Review: O.J.: Made in America
Never before have seven and a half hours gone by so quickly. Simply put, this film, and it’s very much a film, is unmissable.
What is incredible about Ezra Edelman’s hugely ambitious O.J.:Made in America is that the film inspires different feelings at very short intervals. The film makes the viewer laugh one minute, feel outraged in the next, become on the verge of tears the one afterwards, and at no point does this change in tone feel manipulative. Nor does it feel unnecessary, as the sports documentary is about much more than sports, (O.J. Simpson’s football career is essentially over at the end of Part One), and yet elements of sport hang over the entire proceedings. It is like the action on the gridiron seems to prefigure the action to come, in ways that will shock and amaze.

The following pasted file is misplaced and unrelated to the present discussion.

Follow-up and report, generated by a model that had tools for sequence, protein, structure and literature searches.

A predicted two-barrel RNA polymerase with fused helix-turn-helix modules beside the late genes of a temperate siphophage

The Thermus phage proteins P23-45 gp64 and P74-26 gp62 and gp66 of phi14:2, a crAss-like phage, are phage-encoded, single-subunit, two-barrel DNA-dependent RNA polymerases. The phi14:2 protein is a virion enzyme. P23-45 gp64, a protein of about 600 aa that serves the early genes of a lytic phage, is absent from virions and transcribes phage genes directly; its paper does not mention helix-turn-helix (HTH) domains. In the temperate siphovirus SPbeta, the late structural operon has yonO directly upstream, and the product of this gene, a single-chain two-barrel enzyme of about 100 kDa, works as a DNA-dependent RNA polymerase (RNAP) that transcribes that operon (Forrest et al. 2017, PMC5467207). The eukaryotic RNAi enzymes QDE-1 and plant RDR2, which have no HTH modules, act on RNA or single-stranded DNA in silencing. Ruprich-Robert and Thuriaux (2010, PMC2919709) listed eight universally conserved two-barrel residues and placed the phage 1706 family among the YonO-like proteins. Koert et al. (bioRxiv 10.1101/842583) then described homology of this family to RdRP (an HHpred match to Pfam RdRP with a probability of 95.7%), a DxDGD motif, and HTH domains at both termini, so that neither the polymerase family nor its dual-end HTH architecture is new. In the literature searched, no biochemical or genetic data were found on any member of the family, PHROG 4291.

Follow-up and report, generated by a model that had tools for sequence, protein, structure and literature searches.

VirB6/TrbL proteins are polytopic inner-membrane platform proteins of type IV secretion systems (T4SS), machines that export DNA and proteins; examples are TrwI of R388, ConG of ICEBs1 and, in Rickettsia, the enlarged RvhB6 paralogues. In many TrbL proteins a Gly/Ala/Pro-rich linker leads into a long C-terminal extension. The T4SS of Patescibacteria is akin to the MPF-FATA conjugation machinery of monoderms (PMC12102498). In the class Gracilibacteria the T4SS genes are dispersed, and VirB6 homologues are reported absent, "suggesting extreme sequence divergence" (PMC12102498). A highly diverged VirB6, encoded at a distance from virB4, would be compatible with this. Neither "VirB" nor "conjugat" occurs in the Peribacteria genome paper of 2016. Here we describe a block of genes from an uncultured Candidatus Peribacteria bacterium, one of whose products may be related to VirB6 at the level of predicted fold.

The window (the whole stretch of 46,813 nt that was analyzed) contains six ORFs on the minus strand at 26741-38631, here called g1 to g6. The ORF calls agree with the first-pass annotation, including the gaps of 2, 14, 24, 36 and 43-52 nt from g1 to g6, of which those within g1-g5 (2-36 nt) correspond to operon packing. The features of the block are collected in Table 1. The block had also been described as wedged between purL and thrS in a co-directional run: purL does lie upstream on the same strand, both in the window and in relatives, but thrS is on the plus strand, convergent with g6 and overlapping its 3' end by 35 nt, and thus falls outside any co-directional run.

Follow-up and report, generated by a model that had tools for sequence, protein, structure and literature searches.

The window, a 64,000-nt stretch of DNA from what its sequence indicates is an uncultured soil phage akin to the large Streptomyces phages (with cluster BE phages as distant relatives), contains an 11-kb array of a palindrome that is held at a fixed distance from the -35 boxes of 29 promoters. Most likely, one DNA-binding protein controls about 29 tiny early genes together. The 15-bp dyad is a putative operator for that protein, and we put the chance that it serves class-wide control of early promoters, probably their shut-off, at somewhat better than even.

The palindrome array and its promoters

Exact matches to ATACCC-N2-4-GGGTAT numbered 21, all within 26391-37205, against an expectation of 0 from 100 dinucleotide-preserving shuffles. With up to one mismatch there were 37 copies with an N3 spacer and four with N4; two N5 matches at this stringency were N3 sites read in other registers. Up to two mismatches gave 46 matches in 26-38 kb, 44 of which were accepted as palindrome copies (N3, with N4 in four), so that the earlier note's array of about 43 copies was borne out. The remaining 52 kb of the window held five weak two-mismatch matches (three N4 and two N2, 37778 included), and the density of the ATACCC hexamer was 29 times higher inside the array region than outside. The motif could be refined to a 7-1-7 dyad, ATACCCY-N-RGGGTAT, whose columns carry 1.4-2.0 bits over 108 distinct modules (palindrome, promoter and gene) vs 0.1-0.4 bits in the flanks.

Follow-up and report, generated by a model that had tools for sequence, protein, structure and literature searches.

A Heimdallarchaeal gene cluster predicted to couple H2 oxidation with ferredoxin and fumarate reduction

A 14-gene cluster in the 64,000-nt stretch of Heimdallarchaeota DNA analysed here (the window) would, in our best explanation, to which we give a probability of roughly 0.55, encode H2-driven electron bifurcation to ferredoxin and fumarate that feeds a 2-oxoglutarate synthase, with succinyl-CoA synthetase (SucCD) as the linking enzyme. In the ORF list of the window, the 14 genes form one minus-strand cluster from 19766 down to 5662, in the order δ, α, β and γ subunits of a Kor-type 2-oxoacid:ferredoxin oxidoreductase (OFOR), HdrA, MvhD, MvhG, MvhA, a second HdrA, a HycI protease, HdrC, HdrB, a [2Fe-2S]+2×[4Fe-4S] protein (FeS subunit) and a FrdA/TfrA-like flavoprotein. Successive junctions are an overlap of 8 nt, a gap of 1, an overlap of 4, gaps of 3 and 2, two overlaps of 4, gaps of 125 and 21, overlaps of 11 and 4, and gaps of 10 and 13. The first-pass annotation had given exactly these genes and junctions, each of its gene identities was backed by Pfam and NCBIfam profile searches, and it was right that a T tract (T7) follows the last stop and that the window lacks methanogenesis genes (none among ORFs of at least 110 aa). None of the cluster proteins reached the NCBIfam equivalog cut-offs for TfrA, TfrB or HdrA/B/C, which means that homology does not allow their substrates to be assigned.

The most impressive aspect is the scope of the talking heads who lived the film. Amazingly, every interviewee offers an alternate account of O.J. Simpson and their biases serve to make the story more cohesive. O.J. is America and the documentary is an American tragedy.
The absolute pinnacle of a sports documentary, as the cohesive whole is compulsively engrossing.